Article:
So, what counts as an ounce of grains? You’re looking at one regular slice of bread, half of an English muffin, a 6” flour tortilla or half a cup of rice. MyPlate shares additional serving amounts.


“Protein is one of the building molecules that your body uses to grow and develop,” Dr. Fink says. “But too much protein can put stress on kids’ livers and kidneys. They may not drink enough, which may increase their risk of dehydration — so don’t overdo it.” Fortunately, she adds that most Americans eat the right amount of protein in their diet.

Here’s how much protein your child should be getting:

  • Ages 12–23 months: 2 oz. per day.
  • Ages 2–4 years: 2 to 5 oz. per day.
  • Ages 5–8 years: 3 to 5 1/2 oz. per day.
  • Ages 9–13 years: 4 to 6 oz. per day for girls and 5 to 6 1/2 oz. for boys.
  • Ages 14–18 years: 5 to 6 1/2 oz. per day for girls and 5 1/2 to 7 oz. per day for boys.

MyPlate can help you figure out what counts as an ounce of various types of protein (for example, one egg, one slice of lunch meat, 1 tablespoon of nut butter, 1/2 cup of cooked beans, etc.).

And your child may need more than the amount recommended if they’re underweight, follow a vegetarian or vegan diet or have a diagnosed deficiency.


Growing kids need calcium, which they get from dairy products like milk and cheese. But as always, too much of a good thing is, well, too much. Your child should drink no more than three glasses of milk per day.

“Once they’ve already received the amount of calcium they need, drinking more milk may just take the place of other food or be a source of excess nutrition,” Schnee explains. After the toddler phase, switch your kids from whole milk to low-fat milk to reduce their overall fat intake.

Here’s the right amount of dairy for your child:

  • Ages 12–23 months: 1 2/3 to 2 cups per day.
  • Ages 2–4 years: 2 to 2 1/2 cups per day.
  • Ages 5–8 years: 2 1/2 cups per day.
  • Ages 9–13 years: 3 cups per day.
  • Ages 14–18 years: 3 cups per day.

One cup of dairy amounts to 1/3 cup shredded cheese, a 1/2 pint container of milk or one small yogurt, for example. MyPlate lists other equivalents to help you plan your child’s meals.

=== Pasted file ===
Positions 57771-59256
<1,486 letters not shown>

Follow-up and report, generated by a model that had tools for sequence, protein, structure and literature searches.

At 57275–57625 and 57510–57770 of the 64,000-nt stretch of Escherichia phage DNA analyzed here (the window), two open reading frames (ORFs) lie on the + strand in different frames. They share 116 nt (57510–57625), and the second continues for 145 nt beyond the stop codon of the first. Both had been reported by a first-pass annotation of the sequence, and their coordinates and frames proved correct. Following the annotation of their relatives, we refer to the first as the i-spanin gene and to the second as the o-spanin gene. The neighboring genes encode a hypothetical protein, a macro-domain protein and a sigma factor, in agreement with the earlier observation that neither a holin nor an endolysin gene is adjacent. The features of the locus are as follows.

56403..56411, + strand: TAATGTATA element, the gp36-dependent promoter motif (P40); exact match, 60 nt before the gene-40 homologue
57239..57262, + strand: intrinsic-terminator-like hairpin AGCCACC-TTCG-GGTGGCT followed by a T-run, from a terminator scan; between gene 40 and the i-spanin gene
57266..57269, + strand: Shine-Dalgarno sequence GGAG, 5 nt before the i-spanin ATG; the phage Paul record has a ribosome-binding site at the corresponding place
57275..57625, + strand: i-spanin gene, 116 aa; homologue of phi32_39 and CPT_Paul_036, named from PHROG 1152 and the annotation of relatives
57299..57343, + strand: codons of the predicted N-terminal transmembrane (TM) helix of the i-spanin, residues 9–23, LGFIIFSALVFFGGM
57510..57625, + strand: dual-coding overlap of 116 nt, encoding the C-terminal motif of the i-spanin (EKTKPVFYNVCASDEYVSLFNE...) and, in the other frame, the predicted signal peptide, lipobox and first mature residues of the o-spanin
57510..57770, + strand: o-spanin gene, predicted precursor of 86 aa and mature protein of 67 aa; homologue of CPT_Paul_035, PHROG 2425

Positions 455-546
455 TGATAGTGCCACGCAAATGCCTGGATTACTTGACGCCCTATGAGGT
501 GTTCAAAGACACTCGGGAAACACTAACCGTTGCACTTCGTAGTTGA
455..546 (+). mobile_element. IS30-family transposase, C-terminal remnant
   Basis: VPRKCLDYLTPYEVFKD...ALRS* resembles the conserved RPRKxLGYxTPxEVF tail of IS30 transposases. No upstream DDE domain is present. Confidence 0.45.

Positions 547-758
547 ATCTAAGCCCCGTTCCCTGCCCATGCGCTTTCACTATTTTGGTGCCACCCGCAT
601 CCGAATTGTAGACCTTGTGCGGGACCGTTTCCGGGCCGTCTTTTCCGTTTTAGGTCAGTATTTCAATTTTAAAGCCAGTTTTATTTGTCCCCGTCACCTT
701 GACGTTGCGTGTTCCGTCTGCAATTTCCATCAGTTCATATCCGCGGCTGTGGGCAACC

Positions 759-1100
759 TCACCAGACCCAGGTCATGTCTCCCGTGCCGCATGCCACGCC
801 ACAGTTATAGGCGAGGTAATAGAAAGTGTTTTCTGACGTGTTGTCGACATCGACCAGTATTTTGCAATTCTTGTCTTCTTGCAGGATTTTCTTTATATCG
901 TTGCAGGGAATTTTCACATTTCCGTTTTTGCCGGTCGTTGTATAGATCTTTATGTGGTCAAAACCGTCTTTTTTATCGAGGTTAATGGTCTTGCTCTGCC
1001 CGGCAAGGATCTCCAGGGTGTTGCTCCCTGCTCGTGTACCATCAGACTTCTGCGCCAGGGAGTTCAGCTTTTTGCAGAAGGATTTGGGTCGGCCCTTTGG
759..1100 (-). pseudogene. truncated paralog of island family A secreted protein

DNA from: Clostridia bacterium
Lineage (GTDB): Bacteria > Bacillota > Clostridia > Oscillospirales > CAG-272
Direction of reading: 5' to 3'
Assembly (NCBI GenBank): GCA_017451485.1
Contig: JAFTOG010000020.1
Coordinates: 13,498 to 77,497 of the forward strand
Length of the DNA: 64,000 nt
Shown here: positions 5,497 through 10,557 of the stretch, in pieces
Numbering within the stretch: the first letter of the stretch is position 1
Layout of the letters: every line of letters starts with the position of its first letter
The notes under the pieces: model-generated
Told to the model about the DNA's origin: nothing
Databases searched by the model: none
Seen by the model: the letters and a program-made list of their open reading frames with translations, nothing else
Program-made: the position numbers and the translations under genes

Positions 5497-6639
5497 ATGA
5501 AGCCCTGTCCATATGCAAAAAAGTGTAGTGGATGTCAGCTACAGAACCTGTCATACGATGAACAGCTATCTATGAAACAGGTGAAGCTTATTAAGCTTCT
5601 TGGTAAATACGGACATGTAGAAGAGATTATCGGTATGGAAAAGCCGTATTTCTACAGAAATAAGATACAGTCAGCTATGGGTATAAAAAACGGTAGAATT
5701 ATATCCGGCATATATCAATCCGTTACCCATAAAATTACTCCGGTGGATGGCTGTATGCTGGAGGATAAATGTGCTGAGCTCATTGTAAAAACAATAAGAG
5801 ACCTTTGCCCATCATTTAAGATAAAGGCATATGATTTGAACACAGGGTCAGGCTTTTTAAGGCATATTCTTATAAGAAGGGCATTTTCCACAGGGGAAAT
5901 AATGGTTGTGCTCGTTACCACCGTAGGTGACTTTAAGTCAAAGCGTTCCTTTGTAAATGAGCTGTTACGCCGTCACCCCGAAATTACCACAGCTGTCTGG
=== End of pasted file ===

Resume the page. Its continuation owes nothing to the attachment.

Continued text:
Limit kids’ sugar

No, sugar is definitely not one of the five food groups, but it’s an important topic in any discussion about nutrition.

Too much sugar plays a role in kids’ moods, activity and hyperactivity levels, and it also puts them at risk for insulin resistance, prediabetes and Type 2 diabetes. That’s why the American Academy of Pediatrics recommends that children under 2 years old don’t consume any added sugar at all, while kids 2 and older should have no more than 25 grams (or 6 teaspoons) of added sugar per day.

“You really want to avoid excess sugar,” Dr. Fink says. “Natural sugars from foods like fruit and vegetables are OK, but try to stay away from added or extra sugars. Consume those sparingly or opt for products without added sugars.”

When looking at food labels, choose foods with little to no added sugar, when possible. Added sugars are now listed separately on food labels, which makes them easy to find.

Teach kids healthy eating habits

Serving healthy foods to your kids is an important piece of the nutrition equation. But it’s just as critical that you equip your kids with the right information to follow a healthy diet as they get older.

“Start to educate your children on making good food choices, and do your best to be a role model for them,” Schnee advises. That means:

  • Modeling healthy eating behaviors.
  • Eating balanced, nutritious meals as a family.
  • Encouraging snacks like fruit, veggies and Greek yogurt over candy and chips.
  • Having healthy foods available at home so they’re easily accessible.

Teaching your kids healthy eating habits now will set them up for both a healthy future and a positive relationship with food.

To hear more from Dr. Fink on this topic, listen to the Health Essentials Podcast episode, “How to Talk to Your Kids About Healthy Nutrition (And Why It’s Important).” New episodes of the Health Essentials Podcast publish every Wednesday.